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Cherokee + SSHFS on Gentoo
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gencol
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PostPosted: Thu Nov 22, 2012 5:14 pm    Post subject: Cherokee + SSHFS on Gentoo Reply with quote

This is somewhat complicated and specific so I hope I'm in the right forum for that.
The issue is that of permissions and hopefully the solution should be simple.

I'm using Cherokee web server with php-fpm on a few gentoo machines I have.
Cherokee does load balancing and so some requests go to other machines.
However, I want uploaded files from one machine to be available to all the machines.
For example: a member uploads a forum attachment but the forum should be able to access that file from all machines.

For this to work properly, one machine has the real directory and the other machines mount it using sshfs
Here's the mount line from fstab to do that:
Code:
sshfs#root@server:/var/www/forums/files   /var/www/forums/files   fuse   allow_other,reconnect,port=1122,compression=yes


Problem is that although Cherokee is using user cherokee, files created via sshfs have "nobody" as an owner and so it cannot access the files it created and neither can the other machines. I did think of simply giving 777 permissions but I don't think that's the most secure solution.
I would have liked to connect to the other machine with user cherokee but cannot figure out how to generate a public key for the user cherokee as there's no home directory for it. Actually, only /root is available as a home directory with ~/.ssh being the directory for the ssh authenticated-keys.

Any ideas? :?: :?: :?:
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truc
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PostPosted: Fri Nov 23, 2012 4:34 pm    Post subject: Re: Cherokee + SSHFS on Gentoo Reply with quote

gencol wrote:
I did think of simply giving 777 permissions but I don't think that's the most secure solution.


It's actually worse than that, thinking about giving 777 means you don't really understand what the permissions are for. May I suggest you to experiment first on some basic tutorials about unix permissions?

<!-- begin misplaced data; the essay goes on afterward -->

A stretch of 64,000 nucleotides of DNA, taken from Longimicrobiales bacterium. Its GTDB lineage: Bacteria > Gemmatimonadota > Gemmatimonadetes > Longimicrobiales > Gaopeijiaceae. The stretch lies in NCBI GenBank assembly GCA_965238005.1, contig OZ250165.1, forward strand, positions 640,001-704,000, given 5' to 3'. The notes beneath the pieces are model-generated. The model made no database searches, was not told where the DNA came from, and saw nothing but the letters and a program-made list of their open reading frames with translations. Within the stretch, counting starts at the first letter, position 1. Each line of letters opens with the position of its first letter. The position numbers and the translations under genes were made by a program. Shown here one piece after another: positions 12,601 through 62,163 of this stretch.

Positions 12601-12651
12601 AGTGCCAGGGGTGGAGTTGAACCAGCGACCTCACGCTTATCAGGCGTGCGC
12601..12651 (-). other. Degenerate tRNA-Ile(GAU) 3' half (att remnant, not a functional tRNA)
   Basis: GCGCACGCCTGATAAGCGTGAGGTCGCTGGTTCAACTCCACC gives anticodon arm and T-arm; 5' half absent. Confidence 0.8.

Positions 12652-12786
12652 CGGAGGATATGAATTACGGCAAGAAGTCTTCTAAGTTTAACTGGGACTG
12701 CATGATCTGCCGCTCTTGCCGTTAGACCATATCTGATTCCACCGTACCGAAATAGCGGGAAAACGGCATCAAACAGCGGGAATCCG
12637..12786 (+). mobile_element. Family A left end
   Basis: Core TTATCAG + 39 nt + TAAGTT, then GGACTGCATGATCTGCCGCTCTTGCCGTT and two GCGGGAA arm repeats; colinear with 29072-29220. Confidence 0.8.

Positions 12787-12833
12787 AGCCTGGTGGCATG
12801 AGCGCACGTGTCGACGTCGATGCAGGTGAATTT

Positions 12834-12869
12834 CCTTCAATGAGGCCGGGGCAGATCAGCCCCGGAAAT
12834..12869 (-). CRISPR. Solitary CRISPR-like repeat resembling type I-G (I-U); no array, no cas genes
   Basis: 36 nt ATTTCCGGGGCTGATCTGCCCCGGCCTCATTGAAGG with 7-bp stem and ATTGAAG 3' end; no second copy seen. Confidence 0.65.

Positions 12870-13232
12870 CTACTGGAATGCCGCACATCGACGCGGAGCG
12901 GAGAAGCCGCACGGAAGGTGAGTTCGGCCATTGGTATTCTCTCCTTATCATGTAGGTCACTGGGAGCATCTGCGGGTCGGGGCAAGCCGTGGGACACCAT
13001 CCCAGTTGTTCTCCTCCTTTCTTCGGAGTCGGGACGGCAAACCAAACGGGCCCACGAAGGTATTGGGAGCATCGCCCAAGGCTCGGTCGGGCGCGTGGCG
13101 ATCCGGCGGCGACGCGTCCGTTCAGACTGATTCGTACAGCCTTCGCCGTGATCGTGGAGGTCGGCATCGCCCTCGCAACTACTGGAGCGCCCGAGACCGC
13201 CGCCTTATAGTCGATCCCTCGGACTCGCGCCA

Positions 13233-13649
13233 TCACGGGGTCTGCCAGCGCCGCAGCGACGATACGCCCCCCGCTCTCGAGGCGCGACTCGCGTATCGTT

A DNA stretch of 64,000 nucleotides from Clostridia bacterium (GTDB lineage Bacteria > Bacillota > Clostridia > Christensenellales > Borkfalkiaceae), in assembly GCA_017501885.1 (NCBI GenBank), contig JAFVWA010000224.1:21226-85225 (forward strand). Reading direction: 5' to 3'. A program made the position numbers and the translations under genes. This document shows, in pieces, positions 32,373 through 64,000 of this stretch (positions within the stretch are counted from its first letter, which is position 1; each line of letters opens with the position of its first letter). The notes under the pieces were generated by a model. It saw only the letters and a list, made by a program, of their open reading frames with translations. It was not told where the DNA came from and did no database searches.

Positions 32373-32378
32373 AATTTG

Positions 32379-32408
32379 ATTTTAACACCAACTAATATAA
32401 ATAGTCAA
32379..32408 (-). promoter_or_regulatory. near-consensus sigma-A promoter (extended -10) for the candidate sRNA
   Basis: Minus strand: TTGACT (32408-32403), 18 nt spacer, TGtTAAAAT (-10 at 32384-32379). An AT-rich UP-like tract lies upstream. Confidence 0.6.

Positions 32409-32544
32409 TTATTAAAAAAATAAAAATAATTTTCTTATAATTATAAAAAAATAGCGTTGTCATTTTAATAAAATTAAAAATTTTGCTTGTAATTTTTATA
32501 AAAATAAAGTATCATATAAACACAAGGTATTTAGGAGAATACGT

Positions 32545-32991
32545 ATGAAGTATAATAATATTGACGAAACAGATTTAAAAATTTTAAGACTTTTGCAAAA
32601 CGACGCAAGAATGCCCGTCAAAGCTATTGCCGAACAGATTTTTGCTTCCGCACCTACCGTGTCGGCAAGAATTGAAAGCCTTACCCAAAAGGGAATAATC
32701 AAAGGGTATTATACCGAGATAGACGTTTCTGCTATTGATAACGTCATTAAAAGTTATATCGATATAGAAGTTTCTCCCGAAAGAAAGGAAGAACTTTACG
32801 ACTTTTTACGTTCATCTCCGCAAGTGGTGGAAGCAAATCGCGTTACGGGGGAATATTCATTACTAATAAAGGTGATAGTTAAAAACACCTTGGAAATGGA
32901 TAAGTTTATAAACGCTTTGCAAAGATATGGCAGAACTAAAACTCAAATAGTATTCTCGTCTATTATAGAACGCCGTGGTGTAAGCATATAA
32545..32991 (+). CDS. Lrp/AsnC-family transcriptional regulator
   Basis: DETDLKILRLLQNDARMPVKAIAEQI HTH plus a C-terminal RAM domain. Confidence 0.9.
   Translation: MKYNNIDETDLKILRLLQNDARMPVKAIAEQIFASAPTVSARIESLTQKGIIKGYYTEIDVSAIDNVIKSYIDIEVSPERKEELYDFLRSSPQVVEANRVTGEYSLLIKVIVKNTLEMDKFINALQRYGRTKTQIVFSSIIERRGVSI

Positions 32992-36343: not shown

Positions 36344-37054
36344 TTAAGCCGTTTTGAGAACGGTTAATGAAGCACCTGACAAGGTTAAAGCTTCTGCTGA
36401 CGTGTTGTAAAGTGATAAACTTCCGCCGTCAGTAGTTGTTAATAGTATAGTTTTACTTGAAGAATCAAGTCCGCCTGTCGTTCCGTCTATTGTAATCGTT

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gencol
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PostPosted: Fri Nov 23, 2012 5:17 pm    Post subject: Reply with quote

I quite well understand what unix permissions are. Ofcourse 777 in the most insecure there is as it allows access to anyone to these files. However, considering the situation I've described above, I don't have a better idea. Let me know if u read the rest of my post and have any better ideas. Thanks.
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truc
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PostPosted: Fri Nov 23, 2012 11:42 pm    Post subject: Reply with quote

gencol wrote:
I quite well understand what unix permissions are. Of course 777 in the most insecure there is as it allows access to anyone to these files. However, considering the situation I've described above, I don't have a better idea. Let me know if u read the rest of my post and have any better ideas. Thanks.


Have you check sshfs/fuse documentation? I see a lot of options(idmap/uidfile/gidfile and uid/gid/umask/...) which may or may not be of interest.
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Last edited by truc on Sat Nov 24, 2012 12:37 am; edited 1 time in total
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cach0rr0
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PostPosted: Sat Nov 24, 2012 12:24 am    Post subject: Reply with quote

so, every technical forum will inevitably have an asshole who will, instead of telling you how to fix your app, suggest an alternative. I will be that asshole today, have you looked at using lsyncd for this?

'tis something i implemented recently for an application at work; we basically have a webapp that will create a file that users need to be able to access, and so every node needs to have a copy. And it has to be basically realtime, so that worked for us.


(and if not, have a peek at 'man sshfs', there are options for uid=, gid=, umask= and so forth that should accomplish what you want with sshfs)
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